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CFGE-8: Corporate Social Responsibility
ESG Shareholder Engagement and Downside Risk
1University College Dublin (UCD); 2Henley Business School; 3Frankfurt School of Finance & Management; 4University of Texas at Austin; 5University of Oxford, United Kingdom
We examine whether engagement on environmental, social and governance (ESG) issues can benefit shareholders by reducing firms’ downside risk, measured using the lower partial moment and value at risk. Using a proprietary database, we provide evidence supporting this hypothesis. We further find that the measured risk effects vary across engagement success and engagement themes. Engagement appears most effective in lowering downside risk when addressing environmental topics (primarily climate change). We find corroborating evidence in that successful engagement reduces the firm’s exposure to a downside-risk factor.
Standing out from the crowd via ESG engagement: Evidence from non-fundamental-driven price pressure
1Iowa State University, United States of America; 2University of Georgia; 3University of Nebraska – Lincoln
Prior literature proposes that firms engage in environmental, social, and governance (ESG) activities to signal their quality to investors and other stakeholders. We test this prediction by identifying exogenous situations that call for signaling. Using two independent quasi-natural experiments that impose non-fundamental-driven negative pressure on stock prices, we find that firms under such adverse circumstances engage more in ESG than otherwise similar firms. These effects are more pronounced among firms with stronger signaling needs, namely, those facing greater information asymmetry and operating in more competitive product markets. We also find that such strategic ESG engagement helps lower signaling firms’ cost of equity capital.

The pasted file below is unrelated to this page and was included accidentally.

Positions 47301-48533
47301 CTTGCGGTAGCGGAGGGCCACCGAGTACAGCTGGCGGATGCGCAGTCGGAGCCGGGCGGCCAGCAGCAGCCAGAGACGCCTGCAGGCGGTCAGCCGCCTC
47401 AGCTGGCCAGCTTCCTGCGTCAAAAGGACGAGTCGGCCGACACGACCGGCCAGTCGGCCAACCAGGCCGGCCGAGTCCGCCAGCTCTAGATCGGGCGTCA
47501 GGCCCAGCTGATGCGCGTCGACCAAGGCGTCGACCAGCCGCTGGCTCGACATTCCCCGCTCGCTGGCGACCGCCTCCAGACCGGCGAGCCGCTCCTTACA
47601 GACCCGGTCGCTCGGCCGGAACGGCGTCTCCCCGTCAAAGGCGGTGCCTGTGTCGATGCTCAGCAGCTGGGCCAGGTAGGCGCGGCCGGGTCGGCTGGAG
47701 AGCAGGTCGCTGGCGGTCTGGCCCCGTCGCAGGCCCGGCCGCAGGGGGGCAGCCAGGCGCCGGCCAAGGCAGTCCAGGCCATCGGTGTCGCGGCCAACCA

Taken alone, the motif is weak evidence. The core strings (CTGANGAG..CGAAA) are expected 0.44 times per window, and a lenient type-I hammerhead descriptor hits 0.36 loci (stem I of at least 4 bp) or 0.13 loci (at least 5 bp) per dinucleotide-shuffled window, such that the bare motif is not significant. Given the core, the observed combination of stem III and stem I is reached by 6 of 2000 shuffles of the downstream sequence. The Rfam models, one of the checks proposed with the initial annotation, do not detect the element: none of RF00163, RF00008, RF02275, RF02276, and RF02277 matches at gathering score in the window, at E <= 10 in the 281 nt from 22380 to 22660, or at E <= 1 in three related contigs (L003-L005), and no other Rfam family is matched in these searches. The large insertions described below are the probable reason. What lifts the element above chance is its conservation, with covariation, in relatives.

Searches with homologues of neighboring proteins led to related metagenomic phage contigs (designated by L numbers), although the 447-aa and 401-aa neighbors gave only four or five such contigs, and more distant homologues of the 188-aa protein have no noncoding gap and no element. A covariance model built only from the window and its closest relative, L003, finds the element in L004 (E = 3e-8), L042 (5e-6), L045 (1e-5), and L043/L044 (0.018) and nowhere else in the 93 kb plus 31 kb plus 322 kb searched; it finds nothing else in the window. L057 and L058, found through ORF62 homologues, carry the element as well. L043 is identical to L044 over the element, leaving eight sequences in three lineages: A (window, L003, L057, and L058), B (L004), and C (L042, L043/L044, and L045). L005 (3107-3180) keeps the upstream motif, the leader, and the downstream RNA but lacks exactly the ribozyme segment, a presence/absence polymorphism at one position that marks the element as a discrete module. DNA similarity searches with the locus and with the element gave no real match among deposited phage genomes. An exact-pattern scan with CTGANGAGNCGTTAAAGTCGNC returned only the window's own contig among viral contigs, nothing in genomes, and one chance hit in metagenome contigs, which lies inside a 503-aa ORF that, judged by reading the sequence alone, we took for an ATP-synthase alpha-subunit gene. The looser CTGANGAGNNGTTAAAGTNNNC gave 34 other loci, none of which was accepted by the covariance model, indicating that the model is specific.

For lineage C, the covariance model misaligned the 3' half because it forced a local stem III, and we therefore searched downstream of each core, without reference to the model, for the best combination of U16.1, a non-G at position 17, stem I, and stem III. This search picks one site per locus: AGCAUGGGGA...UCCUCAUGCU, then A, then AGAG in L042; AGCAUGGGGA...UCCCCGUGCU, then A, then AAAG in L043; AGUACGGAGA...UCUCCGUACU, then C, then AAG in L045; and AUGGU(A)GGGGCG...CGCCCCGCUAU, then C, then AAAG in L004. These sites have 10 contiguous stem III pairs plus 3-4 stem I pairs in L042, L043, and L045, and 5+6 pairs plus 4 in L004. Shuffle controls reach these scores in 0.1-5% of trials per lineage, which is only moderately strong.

Real Effects of Climate Policy: Financial Constraints and Spillovers
1University of Warwick, United Kingdom; 2The Ohio State University, United States of America; 3University of Florida, United States of America
We document that localized policies designed to mitigate climate risk can lead to regulatory arbitrage by firms, resulting in unintended consequences. Using detailed plant level data, we investigate the impact of the most extensive regional climate policy in the United States, the California cap-and-trade program, on corporate real activities such as greenhouse gas emissions and plant ownership. We show that industrial plants governed by the policy reduce emissions in California when the parent company is financially constrained, but that these firms internally reallocate their emissions to plants located in other states. Similarly, constrained firms are more likely to reduce ownership in Californian plants and increase ownership in plants outside California. In contrast, unconstrained firms generally do not adjust plant emissions and ownership either in California or in other states. Overall, firms do not reduce their total emissions when part of their assets are affected by the regulation, but in fact increase them if financially constrained. The results document real spillover effects stemming from resource reallocations by constrained firms to avoid regulatory costs, undermining the effectiveness of localized policies. Our study has important implications for the current debate on global climate policy agreements.
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Conference: EFA 2019
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